Often, the reason the token sells is because it goes viral online. Memes are made. Websites are created. Two very early meme-based tokens that took after going viral were Dogecoin and Shiba Inu. The hype keeps building and people continue to hop on the train. Such is the case with the latest wave of these tokens, the largest being Pepe coin, which is based on the Pepe the Frog meme.
How Does This Affect Web3
Alright, so pros and cons. One pro is that there is a lot of action around the space. Obviously attention drives awareness and having things from the space go viral definitely gets eyeballs, which can help the onboarding.
There are also people who make a fair share of money off of these shitcoins. This money SOMETIMES goes back into the space to reinvest in other projects, tokens, people, and ideas. Additional funding in itself is not a bad thing.
However, the general debauchery of shitcoin pump and dumps also makes it harder to bring some people and especially companies into the space. The concerns that companies have about bridging into Web3 are vast in number. Getting caught up in meme mania, pump and dump trading, and some of the general other nonsense that occurs with shitcoins certainly doesn’t help the chances of onboarding more companies and bringing crypto and the space more to the economic forefront.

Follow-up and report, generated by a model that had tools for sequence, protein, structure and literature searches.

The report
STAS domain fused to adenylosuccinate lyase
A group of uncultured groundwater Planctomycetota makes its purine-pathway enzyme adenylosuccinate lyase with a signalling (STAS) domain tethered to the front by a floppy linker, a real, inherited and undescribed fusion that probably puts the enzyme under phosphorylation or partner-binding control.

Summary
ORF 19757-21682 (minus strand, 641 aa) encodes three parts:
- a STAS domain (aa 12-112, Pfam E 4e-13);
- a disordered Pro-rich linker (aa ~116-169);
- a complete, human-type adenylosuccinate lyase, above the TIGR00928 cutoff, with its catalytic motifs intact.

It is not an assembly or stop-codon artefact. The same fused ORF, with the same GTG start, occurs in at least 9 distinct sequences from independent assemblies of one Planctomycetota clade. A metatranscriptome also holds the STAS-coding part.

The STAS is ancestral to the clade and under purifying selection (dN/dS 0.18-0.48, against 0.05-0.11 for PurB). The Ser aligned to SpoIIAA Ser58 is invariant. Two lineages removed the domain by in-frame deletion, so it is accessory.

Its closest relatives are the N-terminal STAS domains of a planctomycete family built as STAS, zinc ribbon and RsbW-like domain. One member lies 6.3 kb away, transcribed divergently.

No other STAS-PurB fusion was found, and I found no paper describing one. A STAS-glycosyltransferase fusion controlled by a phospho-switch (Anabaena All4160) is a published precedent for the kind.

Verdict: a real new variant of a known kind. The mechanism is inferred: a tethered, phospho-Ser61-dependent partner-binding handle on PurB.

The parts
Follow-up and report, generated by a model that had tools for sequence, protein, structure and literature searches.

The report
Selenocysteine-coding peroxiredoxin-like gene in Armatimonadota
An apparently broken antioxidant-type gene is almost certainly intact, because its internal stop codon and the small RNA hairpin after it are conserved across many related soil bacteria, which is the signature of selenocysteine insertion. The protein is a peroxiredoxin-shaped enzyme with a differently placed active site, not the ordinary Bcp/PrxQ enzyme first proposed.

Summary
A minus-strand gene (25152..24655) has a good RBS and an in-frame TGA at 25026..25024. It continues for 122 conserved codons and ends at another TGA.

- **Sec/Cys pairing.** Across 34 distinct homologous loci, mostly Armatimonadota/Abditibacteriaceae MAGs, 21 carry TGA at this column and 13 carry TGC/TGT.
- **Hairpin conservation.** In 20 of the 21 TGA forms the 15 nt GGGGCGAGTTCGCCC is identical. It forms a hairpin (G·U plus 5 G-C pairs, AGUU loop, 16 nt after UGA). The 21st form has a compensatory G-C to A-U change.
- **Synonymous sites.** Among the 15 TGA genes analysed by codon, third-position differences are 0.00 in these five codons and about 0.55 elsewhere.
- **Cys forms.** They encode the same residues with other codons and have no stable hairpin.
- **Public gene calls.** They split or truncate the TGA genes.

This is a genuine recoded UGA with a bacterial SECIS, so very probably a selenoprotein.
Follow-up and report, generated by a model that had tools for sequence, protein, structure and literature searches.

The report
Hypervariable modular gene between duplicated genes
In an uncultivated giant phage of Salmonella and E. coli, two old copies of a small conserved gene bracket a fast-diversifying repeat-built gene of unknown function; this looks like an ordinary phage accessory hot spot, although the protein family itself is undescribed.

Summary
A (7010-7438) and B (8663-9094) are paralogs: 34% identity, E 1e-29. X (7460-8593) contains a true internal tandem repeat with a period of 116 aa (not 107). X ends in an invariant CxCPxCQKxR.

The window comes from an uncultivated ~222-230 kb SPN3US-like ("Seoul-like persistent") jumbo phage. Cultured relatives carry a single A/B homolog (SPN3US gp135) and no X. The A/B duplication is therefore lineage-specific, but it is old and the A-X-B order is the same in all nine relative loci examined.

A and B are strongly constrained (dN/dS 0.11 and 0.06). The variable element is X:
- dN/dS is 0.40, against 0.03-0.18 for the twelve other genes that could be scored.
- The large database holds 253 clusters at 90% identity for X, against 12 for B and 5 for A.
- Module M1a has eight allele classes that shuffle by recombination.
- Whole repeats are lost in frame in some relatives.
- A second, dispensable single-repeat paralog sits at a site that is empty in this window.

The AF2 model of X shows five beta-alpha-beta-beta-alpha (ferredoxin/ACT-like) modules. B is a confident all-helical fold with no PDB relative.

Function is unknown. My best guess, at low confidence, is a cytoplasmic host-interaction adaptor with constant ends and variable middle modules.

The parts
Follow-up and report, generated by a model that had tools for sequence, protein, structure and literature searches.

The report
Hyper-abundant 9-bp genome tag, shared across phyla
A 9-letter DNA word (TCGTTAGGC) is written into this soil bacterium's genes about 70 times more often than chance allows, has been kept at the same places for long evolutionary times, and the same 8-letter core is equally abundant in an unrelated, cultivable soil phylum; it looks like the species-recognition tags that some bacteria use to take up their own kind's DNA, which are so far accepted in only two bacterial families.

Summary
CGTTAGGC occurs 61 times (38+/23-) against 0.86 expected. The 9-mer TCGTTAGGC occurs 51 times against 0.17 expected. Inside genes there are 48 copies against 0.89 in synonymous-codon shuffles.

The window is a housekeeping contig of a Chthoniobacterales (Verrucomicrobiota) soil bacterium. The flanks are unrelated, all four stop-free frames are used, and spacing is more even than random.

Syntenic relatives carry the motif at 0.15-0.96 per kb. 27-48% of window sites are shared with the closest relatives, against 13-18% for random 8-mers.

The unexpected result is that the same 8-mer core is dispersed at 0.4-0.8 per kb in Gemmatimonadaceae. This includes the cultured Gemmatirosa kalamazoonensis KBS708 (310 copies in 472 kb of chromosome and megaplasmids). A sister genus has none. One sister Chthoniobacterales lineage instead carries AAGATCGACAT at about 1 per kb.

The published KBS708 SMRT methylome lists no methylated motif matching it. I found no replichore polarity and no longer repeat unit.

There are also concerns about shitcoin rugs, where the founder of the coin just makes off with everyone’s money. As of last week, without getting into specifics, there were people who were sending ETH to random wallet addresses in hopes of a return. It’s most likely those people just lost their ETH. These types of crimes, and yes they are crimes, do not make people want to continue operating in this space and solely cost us knowledge, resources, experience, and reputation.
What Should We Do?
So, honestly, there’s not a ton we as individuals can do. There is no shame in trying to make a little money trading tokens. I take no malice at the people who are responsible, know what they can lose, and treat this as gambling, because that’s what it is.
However, bad actors continue to plague our space and make onboarding significantly more difficult than it needs to be. We as a collective need to show them the door before corporate investment and involvement ever has a prayer of becoming mainstream as we all hope.
For legitimate scams, know your resources and your rights. Check out https://consumer.ftc.gov/articles/what-know-about-cryptocurrency-and-scams for more information. Otherwise, be safe and look out for others. Treat fellow pioneers with respect and concern. Worry about people because they’re people, not because they could be your bagholder. Thanks and travel safely.